‘It’s funny’ she thought to herself as she walked along the polished wooden floor, ‘when you try and walk quietly you just end up making more noise.’ The library was practically deserted save for the figure of Elizabeth Miller the librarian hunched over her table in the corner; and a couple of girls at the other end giggling over a magazine and waiting for their friends to finish in the orchestra. Liz looked up and smiled, well-used to seeing Karen in the reference section.
‘Let me know if you need anything.’ She called, and then her eyebrows furrowed crossly. ‘Oh and by the way, remind me never to get talked into allowing groups of 5A’s to do library duty instead of detention ever again. I mean, what kind of idiot tries to tacky-back a leather book!’ She said this between clenched teeth, holding up the offending article.
‘Looks like a two person job Liz, if we work together we should be able to peel most of it off.’ Karen offered. The two women worked carefully for several minutes, teeth gritted in concentration. It was a good job the girls at the other end of the library couldn’t hear the hissed stream of curses that escalated as bits of it tore and stuck onto everything. Finally they had got all the offending plastic off.
‘Right I think I’ll be okay with this now. Cotton wool and solvent should get the rest of the sticky off … In fact I think I’ll probably finish it at home with a soothing glass of wine within easy reach. And then I’ll start compiling a list of suitable punishments for the man who invented this despicable stuff… starting with disemboweling!’ She was glaring at the ball of tacky-back now innocently residing in the bin.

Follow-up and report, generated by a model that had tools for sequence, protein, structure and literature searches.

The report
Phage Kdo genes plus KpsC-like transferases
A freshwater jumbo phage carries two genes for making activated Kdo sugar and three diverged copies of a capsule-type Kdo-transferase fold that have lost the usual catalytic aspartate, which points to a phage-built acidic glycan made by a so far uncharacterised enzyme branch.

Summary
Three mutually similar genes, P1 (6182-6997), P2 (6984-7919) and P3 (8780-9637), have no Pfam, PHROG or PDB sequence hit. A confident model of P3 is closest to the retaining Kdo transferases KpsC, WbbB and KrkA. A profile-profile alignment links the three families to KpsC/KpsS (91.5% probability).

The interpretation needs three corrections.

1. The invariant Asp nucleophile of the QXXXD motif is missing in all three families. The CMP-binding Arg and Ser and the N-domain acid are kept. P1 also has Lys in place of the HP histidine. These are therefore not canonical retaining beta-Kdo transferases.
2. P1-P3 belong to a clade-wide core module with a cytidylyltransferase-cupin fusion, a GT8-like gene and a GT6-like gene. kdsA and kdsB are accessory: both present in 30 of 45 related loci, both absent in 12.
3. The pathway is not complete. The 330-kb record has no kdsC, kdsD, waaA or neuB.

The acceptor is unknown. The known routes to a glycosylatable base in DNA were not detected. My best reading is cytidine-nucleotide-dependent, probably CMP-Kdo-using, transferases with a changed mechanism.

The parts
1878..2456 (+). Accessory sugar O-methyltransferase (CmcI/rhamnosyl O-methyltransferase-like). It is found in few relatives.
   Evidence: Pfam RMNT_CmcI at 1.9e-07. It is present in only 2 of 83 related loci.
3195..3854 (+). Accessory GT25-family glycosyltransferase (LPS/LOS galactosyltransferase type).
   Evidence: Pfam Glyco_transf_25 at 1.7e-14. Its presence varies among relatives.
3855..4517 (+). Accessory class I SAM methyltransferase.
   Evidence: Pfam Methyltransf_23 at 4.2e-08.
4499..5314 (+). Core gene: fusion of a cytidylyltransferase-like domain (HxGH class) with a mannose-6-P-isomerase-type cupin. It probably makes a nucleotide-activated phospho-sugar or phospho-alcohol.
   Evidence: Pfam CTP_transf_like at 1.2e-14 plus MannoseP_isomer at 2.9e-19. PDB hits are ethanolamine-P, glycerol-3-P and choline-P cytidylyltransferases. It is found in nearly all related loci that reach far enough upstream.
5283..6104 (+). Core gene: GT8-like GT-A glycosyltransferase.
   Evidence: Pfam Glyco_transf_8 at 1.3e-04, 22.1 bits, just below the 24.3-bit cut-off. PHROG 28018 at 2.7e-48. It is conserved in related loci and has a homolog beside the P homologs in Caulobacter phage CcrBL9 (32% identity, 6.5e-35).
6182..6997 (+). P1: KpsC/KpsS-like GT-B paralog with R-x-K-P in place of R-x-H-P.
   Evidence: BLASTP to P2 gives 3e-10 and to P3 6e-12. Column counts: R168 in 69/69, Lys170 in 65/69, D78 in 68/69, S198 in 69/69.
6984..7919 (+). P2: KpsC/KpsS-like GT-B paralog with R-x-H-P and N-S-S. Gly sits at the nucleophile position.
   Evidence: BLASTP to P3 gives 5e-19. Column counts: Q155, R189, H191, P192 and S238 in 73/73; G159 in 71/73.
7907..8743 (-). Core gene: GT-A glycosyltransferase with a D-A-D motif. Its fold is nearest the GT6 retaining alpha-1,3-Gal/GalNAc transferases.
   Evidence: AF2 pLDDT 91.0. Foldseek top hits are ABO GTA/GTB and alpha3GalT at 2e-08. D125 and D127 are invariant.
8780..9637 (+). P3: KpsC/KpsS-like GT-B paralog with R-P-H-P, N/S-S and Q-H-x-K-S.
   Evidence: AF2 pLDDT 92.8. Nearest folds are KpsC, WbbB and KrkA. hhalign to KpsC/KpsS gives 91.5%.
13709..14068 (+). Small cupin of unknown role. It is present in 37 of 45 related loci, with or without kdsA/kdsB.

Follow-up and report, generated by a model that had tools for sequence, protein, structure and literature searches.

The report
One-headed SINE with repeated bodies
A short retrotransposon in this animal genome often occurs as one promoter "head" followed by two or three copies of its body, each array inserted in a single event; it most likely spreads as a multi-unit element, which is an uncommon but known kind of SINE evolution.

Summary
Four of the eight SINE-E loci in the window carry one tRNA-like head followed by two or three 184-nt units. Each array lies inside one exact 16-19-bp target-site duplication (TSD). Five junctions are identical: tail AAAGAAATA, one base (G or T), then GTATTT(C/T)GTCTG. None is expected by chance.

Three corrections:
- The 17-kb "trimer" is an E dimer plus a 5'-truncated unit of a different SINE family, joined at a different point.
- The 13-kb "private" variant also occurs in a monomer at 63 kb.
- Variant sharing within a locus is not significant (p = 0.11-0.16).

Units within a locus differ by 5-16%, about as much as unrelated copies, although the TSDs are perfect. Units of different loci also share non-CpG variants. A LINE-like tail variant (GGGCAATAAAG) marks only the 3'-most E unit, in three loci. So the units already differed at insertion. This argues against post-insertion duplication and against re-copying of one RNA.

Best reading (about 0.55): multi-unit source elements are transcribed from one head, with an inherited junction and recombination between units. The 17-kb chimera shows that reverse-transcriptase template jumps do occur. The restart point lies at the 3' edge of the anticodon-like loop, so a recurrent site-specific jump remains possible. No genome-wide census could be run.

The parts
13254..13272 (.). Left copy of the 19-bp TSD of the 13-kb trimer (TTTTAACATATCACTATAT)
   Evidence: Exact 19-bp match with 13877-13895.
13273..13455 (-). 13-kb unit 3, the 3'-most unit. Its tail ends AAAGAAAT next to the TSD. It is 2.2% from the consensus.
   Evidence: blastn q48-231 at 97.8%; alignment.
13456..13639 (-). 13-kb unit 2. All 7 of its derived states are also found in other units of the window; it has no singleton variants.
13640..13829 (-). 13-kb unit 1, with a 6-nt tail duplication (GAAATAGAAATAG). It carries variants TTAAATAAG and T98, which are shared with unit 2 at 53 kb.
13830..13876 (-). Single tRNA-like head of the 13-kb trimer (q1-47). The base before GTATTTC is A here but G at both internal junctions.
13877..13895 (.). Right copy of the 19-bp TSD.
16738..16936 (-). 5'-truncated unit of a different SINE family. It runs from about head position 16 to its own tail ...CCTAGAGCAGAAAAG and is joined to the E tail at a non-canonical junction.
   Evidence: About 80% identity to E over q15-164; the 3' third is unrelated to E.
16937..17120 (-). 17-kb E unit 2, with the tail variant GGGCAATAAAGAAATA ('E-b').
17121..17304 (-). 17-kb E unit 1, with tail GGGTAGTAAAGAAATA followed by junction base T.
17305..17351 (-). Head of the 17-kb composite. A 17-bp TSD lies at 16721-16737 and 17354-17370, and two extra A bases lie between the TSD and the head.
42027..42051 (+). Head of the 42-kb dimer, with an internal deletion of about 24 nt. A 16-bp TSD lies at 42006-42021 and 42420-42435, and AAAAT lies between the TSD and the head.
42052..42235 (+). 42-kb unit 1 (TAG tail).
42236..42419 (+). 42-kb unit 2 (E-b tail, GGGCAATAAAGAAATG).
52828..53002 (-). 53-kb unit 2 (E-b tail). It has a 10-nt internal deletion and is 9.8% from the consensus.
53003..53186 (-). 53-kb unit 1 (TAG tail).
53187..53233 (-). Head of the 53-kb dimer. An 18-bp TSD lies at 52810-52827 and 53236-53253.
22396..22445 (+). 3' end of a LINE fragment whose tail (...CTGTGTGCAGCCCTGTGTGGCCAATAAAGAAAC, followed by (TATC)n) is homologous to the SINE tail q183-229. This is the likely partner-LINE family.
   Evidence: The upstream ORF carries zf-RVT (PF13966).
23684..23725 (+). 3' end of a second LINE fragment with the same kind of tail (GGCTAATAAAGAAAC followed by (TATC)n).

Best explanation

‘I don’t want to be late tonight either,’ grinned Karen. ‘Matt said he’ll get chips on his way in so I want to be home by seven. Just need to check out the marriages for 1575 in the parish records. I’ve got a hunch that I might have worked out who this new girl – E. Goodridge might be. Remember the household servants I’ve been researching? Well I knew one of them moved to France – there was a comment about her leaving Lady Anne’s service to get married, and I thought her sister must have gone with her, but joining up the dots, it turns out she carried on working here. If it’s the one I’m thinking of, she’s even got a gravestone in the churchyard next door I saw it in the corner – first one you see.